On a late winter’s day, when chilling fog draped the leafless trees and few birds sang, I retraced the steps of one Edgar Krasa, 93, a Bostonian, a concentration camp survivor, a humble man and cook and partaker, or more precisely, a voice, in one of the ennobling moments amid the Holocaust.
Krasa didn’t take up arms in a ghetto insurrection, or fight in the Jewish underground. Instead, he and several hundred fellow prisoners defied the Nazis through music, rising above abysmal conditions, their captors’ brutality, and almost inevitable execution by unlocking the finest in the human spirit.
The road for Krasa, and for me, began at the old Masaryk Railway Station in the Czech capital Prague. It was Nov. 24, 1941, and the Nazi machine was crushing one of the great and oldest Jewish communities of Europe. Over the next four years, thousands of its artists, writers, musicians, and professionals would be transported to the surreal and singular place for which Krasa was heading that day — Terezin.
The handsome 21-year-old, along with 340 “construction commandos’’ and one other cook, got off that first Terezin-bound train, then trudged across a bleak countryside shouldering the 110 pounds of possessions each was permitted to bring and uncertain about what to expect at their destination. The Germans were billing Terezin, 38 miles northwest of Prague, as a “spa town’’ generously offered by Hitler to shelter Jews from the escalating war in Europe.
As the group passed through the gates of the town, ringed by 9-foot thick walls, any hopes they may have harbored vanished.
“They made us feel right away as prisoners,’’ Krasa remembers.
Terezin was not to become an extermination camp, although some 35,000 of the 140,000 prisoners perished there. Built as a fortress in the 18th century, it served as a collection center for the cream of Jewish intelligentsia, not only from what was then Czechoslovakia but a half dozen other European countries. From there, 87,000 were shipped on to death camps like Auschwitz, and almost none survived. Terezin also proved a propaganda coup for the Nazis.
Krasa remembers how conditions deteriorated as military barracks were converted to stack arriving prisoners like cordwood. A town built to accommodate 5,000, Terezin’s inmate population would reach 55,000. Typhus epidemics, overwork, executions, and malnutrition scythed through its ranks.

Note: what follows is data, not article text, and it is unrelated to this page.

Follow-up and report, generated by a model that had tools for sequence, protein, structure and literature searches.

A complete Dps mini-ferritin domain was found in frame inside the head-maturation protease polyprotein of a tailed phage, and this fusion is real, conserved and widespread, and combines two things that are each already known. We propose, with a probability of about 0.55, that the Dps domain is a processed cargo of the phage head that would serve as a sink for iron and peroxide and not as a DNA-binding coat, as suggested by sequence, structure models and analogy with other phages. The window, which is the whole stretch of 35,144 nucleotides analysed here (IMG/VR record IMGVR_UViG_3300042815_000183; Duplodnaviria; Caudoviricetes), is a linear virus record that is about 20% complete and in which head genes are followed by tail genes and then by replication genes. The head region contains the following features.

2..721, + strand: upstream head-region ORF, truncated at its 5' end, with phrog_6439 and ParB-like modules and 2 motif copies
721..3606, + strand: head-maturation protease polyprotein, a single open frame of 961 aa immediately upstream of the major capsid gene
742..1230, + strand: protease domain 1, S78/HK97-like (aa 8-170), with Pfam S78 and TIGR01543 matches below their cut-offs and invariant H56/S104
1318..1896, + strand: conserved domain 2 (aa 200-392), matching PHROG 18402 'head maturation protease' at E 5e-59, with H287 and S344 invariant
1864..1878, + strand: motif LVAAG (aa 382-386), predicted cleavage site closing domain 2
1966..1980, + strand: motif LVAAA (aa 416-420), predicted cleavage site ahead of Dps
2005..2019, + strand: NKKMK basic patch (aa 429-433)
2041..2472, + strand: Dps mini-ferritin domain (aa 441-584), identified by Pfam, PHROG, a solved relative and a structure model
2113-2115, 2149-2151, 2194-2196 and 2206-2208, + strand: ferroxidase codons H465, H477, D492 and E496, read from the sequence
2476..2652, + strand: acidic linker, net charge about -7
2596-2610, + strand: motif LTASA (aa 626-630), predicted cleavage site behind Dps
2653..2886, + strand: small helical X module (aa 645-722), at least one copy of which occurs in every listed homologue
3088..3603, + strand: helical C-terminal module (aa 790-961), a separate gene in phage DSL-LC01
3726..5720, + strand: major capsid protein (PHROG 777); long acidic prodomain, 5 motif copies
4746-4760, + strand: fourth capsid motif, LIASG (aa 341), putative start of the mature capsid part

Two things probably saved Krasa — cooking and music, plus, of course, luck. He had volunteered to set up Terezin’s kitchens and train cooks in exchange for a promise that his parents would not be deported. An aunt, he remembered, once told him: “Become a cook and you’ll never go hungry.’’ And he also did his best for fellow prisoners, concocting dumplings, a Czech favorite, out of water, flour, and slivers of margarine, dumplings that were reportedly so tasty that some prisoners after liberation asked for his recipe.
A week after his arrival, a rising young musician, Rafael Schachter, was deported from Prague, and the two shared an attic room.
“He was my hero. His vision was to make the lives of every prisoner more bearable,’’ says Krasa. Schachter gathered inmates to sing popular Czech songs, then several operas, and finally rehearsed Verdi’s Requiem Mass, a towering work also known as “Mass for the Dead” that challenges the world’s finest musicians. They learned it by rote from a single smuggled score.
Survivors of Schachter’s chorus recall emerging from a dark, cold cellar where they relentlessly practiced after hours of grueling forced labor to step over the skeletal corpses of those who had meanwhile succumbed. Their own chorus of some 150 had to be replenished twice as members were deported to the gas chambers of Auschwitz.
“Well, it kept our spirits lifted. We felt we wanted to go on. We were hungry, we were tired, we were sick. But we had something to live for,’’ Krasa said in a book called “The Music Man of Terezin: The Story of Rafael Schaechter as Remembered by Edgar Krasa,” by Susie Davidson.
Initially carried out in secret, camp commanders were persuaded by Jewish elders to allow such activities to demonstrate to the world the Nazi’s goodwill toward the Jews. Intellectual and artistic life exploded. The Terezin Orchestra and a jazz group called the Ghetto Swingers were formed. Cabarets, operas, and piano recitals, complete with handbills, were staged. Inmates gave more than 2,400 lectures on subjects ranging from physics to philosophy.